I’ve always considered myself a cheap person. But my mom told me that wasn’t a nice thing to say about myself and suggested I go with “thrifty.” I can’t stand to throw anything away when I know it can be used to create something else. Waste not, want not. Plus, I gain great pleasure in reducing my carbon footprint in any way possible. One way I accomplish this is by making my own stock from animal parts I wouldn’t otherwise want to eat.
Don’t Waste That Bird! Easy & Economical Turkey Stock
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I also feel like I owe it to the animal. I mean, the poor thing died to put food on our table, the very least I can do is show a little respect and not go throwing useful parts in the trash. Especially the heart, it was the cutest little tiny thing. I’m weird, I know, anatomy was my favorite class of all time. I kind of wanted to eat it, maybe next time.
First, you must be able to identify the parts, or giblets, of your turkey. I really don’t think I needed to label the neck. . . but I did just to be on the safe side. Usually when you purchase a turkey, the neck and giblets are stuffed inside the cavity of the bird. The giblets are sometimes packed neatly inside a bag. Don’t throw away these wonderfully useful parts! If you cannot make stock right away, simply throw them all into a zip top baggie and toss them in the freezer for later. The parts you will want to use for this turkey stock are the neck, heart and gizzards. Discard the kidneys and liver, as these organs can turn your stock bitter.
To the bottom of a large stock pot, add the turkey neck, heart and gizzards, one celery stalk with leaves, one carrot, one onion sliced in half, two cloves of garlic sliced in half, half a teaspoon dried thyme, half a teaspoon whole black peppercorns, and one bay leaf. Don’t worry about peeling anything as you will be straining the liquid off and discarding the solids.
Next, add three quarts (12 cups) of water to your stockpot. Place pot on the burner over high heat and bring to a boil. Once boiling, partially cover with the lid, and reduce the heat to medium low. You want a nice simmer. Allow the stock to simmer for at least one hour.
Place a large strainer inside a large bowl. Make sure the bowl has a large enough capacity to hold all of the stock. Once the stock has been simmering for one hour, turn off the heat and remove the lid. Pour the stock into the colander, making sure to be very careful! Go slowly and don’t allow the solids to splash down into the broth and burn you. Seems like common sense but that may have happened to me once or twice when I got in a hurry.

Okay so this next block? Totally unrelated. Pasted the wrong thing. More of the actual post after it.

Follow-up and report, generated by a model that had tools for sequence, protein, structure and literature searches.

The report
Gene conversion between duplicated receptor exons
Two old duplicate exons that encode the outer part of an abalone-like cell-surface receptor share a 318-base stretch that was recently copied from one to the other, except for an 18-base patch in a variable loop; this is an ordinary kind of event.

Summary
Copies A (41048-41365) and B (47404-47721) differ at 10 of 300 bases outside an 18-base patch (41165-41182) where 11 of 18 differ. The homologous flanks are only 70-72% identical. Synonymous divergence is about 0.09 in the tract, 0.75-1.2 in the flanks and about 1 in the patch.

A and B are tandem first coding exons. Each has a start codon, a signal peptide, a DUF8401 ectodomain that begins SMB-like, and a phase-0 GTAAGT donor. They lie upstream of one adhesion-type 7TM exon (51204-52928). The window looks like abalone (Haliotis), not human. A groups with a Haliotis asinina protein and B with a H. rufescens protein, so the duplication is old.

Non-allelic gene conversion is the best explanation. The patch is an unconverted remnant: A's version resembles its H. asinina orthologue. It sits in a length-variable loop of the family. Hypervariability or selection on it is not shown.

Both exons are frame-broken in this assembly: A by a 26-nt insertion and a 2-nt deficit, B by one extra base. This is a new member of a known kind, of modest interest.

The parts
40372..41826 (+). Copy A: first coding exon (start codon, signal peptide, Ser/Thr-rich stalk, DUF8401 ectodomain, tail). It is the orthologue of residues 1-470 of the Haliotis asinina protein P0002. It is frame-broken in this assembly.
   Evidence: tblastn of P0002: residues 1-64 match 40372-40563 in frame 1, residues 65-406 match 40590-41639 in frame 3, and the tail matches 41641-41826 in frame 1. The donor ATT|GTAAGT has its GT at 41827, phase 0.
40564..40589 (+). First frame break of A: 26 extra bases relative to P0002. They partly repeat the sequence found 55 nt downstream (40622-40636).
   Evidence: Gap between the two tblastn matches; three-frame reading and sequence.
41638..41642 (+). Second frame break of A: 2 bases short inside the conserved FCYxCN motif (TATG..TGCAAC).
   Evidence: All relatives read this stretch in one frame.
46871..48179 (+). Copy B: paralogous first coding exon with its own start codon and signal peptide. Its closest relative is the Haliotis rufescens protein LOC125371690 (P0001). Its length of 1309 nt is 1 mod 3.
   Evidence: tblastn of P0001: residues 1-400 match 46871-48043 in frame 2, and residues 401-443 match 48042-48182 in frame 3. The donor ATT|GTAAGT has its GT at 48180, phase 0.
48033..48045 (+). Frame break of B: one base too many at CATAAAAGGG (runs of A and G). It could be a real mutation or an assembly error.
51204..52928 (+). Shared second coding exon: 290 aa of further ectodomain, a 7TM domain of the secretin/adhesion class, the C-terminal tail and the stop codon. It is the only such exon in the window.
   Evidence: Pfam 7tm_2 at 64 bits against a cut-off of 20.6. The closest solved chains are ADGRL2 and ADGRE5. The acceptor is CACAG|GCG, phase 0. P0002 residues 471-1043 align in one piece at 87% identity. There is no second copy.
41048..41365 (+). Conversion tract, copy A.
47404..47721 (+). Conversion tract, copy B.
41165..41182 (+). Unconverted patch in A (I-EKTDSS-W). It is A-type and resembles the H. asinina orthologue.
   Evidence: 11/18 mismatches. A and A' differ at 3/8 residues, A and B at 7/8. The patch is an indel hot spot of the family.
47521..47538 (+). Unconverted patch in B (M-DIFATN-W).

Pull the strainer out and pour the stock back into the pot. Return to the burner and simmer for an additional 20 minutes to intensify the flavor. Discard the solids. You can pick some meat off the neck and even eat the heart and gizzards if you like.
One of my favorite things about making my own stock is that I can control the amount of sodium in my recipes. Prepackaged stocks and broths are extremely high in sodium, although they do offer low-sodium options. I hope this easy recipe inspires you to make your own stock the next time you purchase a whole turkey or chicken. This method works the same for both. Stock freezes well if you don’t immediately need it for a recipe.
Thanks for stopping by today! Check out some other economical and money-saving recipes before you go (PS-they’re delicious too!):
Above you will find some of the equipment useful while preparing turkey stock.
Obviously, a large stock pot is essential.
Victorinox knives are my favorite and make chopping any vegetables easier.
Love this strainer for it’s sturdy bottom and smaller holes.
Wooden cutting boards are my favorite and this size would be great for this recipe, and many others.
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